Purchase one-time access:

      Academic & Personal: 24 hour online accessCorporate R&D Professionals: 24 hour online access
      One-time access price info
      • For academic or personal research use, select 'Academic and Personal'
      • For corporate R&D use, select 'Corporate R&D Professionals'


      Subscribe to Metabolism - Clinical and Experimental
      Already a print subscriber? Claim online access
      Already an online subscriber? Sign in
      Institutional Access: Sign in to ScienceDirect


        • Cowie C.C.
        • Rust K.F.
        • Byrd-Holt D.D.
        • et al.
        Prevalence of diabetes and impaired fasting glucose in adults in the U.S. population.
        Diabetes Care. 2006; 29: 1263-1268
        • Wild S.
        • Roglic G.
        • Green A.
        • et al.
        Global prevalence of diabetes.
        Diabetes Care. 2004; 27: 1047-1053
        • DeFronzo R.A.
        Pathogenesis of type 2 diabetes mellitus.
        Med Clin North Am. 2004; 88: 787-835
        • Rana J.S.
        • Li T.Y.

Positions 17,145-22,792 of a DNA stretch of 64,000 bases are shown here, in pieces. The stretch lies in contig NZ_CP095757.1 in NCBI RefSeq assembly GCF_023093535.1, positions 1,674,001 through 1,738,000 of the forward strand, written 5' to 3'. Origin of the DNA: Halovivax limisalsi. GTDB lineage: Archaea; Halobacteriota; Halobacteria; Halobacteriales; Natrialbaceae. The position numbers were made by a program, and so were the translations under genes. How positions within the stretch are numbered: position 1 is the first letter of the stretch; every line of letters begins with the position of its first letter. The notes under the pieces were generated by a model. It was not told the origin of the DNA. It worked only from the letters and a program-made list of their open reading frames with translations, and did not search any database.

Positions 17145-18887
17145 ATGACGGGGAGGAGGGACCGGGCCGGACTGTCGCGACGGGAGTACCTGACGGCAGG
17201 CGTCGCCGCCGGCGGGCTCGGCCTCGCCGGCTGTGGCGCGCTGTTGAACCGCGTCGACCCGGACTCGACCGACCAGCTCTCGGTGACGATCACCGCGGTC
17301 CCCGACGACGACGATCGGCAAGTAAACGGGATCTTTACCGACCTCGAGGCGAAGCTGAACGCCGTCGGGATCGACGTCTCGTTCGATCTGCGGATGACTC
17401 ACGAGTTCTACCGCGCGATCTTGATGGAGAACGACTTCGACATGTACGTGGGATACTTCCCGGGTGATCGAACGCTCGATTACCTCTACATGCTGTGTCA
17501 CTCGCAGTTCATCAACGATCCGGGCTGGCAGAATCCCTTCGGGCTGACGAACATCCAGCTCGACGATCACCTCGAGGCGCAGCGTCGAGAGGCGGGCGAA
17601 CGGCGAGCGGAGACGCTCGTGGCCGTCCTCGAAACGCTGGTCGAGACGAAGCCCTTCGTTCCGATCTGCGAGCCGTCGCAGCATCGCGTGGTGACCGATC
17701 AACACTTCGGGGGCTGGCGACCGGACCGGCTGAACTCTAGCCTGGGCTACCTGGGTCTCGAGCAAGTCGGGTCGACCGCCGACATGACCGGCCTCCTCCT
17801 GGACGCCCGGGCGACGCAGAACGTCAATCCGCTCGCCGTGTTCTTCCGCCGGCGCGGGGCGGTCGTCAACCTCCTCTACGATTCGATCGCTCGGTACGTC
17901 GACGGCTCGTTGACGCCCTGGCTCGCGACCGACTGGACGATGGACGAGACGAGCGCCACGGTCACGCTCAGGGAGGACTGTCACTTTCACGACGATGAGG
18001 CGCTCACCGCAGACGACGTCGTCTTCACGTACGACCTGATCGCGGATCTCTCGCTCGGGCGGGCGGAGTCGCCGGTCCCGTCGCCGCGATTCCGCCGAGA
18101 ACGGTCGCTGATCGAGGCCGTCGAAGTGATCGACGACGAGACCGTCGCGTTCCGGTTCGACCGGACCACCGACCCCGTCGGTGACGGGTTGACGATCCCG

• Manson J.E.
        • et al.
        Adiposity compared with physical inactivity and risk of type 2 diabetes in women.
        Diabetes Care. 2007; 30: 53-58
        • Wilson P.W.F.
        • Meigs J.B.
        • Sullivan L.
        • et al.
        Prediction of incident diabetes mellitus in middle-aged adults: the Framingham Offspring Study.
        Arch Intern Med. 2007; 167: 1068-1074
        • Unwin N.
        • Shaw J.
        • Zimmet P.
        • et al.
        Impaired glucose tolerance and impaired fasting glycaemia: the current status on definition and intervention.
        Diabet Med. 2002; 19: 708-723
        • Abdul-Ghani M.A.
        • Tripathy D.
        • DeFronzo R.
        Contribution of B-cell dysfunction and insulin resistance to the pathogenesis of impaired glucose tolerance and impaired fasting glucose.
        Diabetes Care. 2006; 29: 1130-1139
        • Abdul-Ghani M.
        • DeFronzo R.
        Pathogenesis of insulin resistance in skeletal muscle.